There is a deeper question underlying everything: what is ‘home’, where is ‘home’ when our existence is temporary and fleeting, against the backdrop of geological time? Here is a conundrum that Erpenbeck can only reflect, never answer. And her book ends with the systematic, legally enshrined, following the tiniest niceties of German laws and regulations, demolition of one of the main properties whose various owners and inhabitants have been at the centre of the novel…


On feeling oppressed by books…

April 19, 2021

I glanced sideways at my bookshelves recently and caught a glimpse of a title and author, realised that, yes, I’d read and enjoyed that book perhaps ten or twenty years ago and now I didn’t have a clue what it was about, or any desire to read it again to remind myself. And this got me thinking about books that we read and go back to because they leave a permanent and lasting impression, and the books like that one, that sit there, not even reproachfully, until they are bundled off to a charity shop…Partly, I’m a hoarder and I’ve always loved having a large library, so I’m reluctant to dispose of books, although I have found it easier in the last few years.

I’ll buy a book (and normally read it straightaway) if it’s a really interesting recommendation from someone whose tastes I share, if I come across a good review, or if it crops up in my research on something I’m interested in at a specific moment. But then I move on.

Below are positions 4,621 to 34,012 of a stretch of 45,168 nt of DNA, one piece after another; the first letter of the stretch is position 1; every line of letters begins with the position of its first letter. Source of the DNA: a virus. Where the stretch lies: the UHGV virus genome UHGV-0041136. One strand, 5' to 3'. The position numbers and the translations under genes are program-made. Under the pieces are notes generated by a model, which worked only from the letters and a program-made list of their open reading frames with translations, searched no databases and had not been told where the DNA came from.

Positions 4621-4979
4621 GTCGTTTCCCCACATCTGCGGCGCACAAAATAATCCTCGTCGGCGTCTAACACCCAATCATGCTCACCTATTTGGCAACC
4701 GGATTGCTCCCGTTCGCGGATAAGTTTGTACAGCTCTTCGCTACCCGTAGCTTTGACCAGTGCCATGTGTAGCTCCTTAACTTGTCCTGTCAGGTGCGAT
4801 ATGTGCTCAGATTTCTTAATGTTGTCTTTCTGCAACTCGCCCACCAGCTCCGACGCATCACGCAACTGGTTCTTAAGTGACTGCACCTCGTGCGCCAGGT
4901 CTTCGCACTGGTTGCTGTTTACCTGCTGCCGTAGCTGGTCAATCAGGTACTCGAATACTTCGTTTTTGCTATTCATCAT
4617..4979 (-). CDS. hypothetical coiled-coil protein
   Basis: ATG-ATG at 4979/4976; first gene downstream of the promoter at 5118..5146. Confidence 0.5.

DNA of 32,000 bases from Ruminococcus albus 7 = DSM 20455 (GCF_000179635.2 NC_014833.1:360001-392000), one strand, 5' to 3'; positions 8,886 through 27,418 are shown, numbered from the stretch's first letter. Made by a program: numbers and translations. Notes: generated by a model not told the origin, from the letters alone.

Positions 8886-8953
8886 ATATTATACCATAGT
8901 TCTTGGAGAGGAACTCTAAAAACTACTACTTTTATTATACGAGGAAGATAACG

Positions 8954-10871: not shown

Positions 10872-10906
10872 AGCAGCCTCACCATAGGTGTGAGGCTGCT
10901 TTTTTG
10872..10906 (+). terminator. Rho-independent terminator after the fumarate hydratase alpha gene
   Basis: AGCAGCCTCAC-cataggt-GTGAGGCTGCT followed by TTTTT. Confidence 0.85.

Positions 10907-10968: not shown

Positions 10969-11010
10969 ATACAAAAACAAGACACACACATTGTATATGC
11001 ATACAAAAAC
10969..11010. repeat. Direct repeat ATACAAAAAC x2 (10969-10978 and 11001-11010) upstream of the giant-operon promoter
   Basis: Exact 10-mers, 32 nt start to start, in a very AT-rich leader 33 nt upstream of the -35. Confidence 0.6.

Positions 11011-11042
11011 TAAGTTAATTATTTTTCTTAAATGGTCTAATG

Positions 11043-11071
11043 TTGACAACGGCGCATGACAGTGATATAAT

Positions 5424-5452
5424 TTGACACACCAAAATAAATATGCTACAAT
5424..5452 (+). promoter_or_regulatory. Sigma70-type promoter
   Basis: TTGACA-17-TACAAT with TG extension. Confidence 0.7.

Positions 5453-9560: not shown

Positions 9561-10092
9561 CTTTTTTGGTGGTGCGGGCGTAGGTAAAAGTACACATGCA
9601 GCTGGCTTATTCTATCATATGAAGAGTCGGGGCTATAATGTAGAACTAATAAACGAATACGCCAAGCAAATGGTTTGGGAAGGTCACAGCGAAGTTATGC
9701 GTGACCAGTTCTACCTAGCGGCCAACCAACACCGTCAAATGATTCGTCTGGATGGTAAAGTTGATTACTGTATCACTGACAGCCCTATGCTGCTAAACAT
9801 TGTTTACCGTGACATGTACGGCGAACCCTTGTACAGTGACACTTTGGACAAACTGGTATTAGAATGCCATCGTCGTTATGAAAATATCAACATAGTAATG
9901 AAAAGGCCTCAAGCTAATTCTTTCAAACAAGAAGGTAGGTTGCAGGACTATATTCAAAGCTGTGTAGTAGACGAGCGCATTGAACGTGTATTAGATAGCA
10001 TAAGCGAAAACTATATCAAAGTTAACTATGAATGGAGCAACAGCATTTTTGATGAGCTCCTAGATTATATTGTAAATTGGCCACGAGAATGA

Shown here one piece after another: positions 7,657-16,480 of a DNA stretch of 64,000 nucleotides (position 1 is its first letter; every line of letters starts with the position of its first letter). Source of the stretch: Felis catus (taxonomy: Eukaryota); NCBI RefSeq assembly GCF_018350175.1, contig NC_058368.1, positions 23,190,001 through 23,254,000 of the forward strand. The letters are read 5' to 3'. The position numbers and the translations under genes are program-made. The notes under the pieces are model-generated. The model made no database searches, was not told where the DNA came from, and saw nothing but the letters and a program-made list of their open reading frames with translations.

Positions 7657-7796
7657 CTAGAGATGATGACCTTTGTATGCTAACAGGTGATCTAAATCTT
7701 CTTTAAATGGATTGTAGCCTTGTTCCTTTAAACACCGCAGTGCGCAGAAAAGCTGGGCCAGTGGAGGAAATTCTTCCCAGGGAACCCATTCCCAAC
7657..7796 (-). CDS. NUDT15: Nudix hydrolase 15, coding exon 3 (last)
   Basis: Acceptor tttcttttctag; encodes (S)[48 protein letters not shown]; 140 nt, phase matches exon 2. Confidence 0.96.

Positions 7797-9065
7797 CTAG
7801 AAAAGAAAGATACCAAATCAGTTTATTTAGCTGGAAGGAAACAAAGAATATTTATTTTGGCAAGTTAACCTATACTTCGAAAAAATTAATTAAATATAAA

I can’t apologise for constant references to getting older in my posts as it’s something I’m increasingly aware of at the moment, I’m sure heightened by all the necessary changes in my life and routines that COVID-19 has brought about. But I have found myself thinking about my library with the fact of ageing in the background.

I used to enjoy having a large library and being surrounded by books; now I’m finding this more than a little oppressive. When I was younger, I could look at all the books – I reached about 3000 at the peak library point – and think yes, someday I will want to get around to re-reading that/ those. This, obviously, is no longer the case, and I have weeded out many hundreds of books over the past few years that I know I have grown past, if you get my meaning, and that I will never want to read again, or waste eyeball time on, as I usually put it.

I still buy books, although far fewer than I used to, and buy them accepting that I’m only likely to read them once, now, because there’s so little time… there’s still the same great pleasure in buying and reading a new book, however. There is – fortunately – the money to have whatever takes my fancy. And having read a book I usually know pretty clearly whether there’s any point in keeping it, or whether the discipline of disposing of it already will be good for me.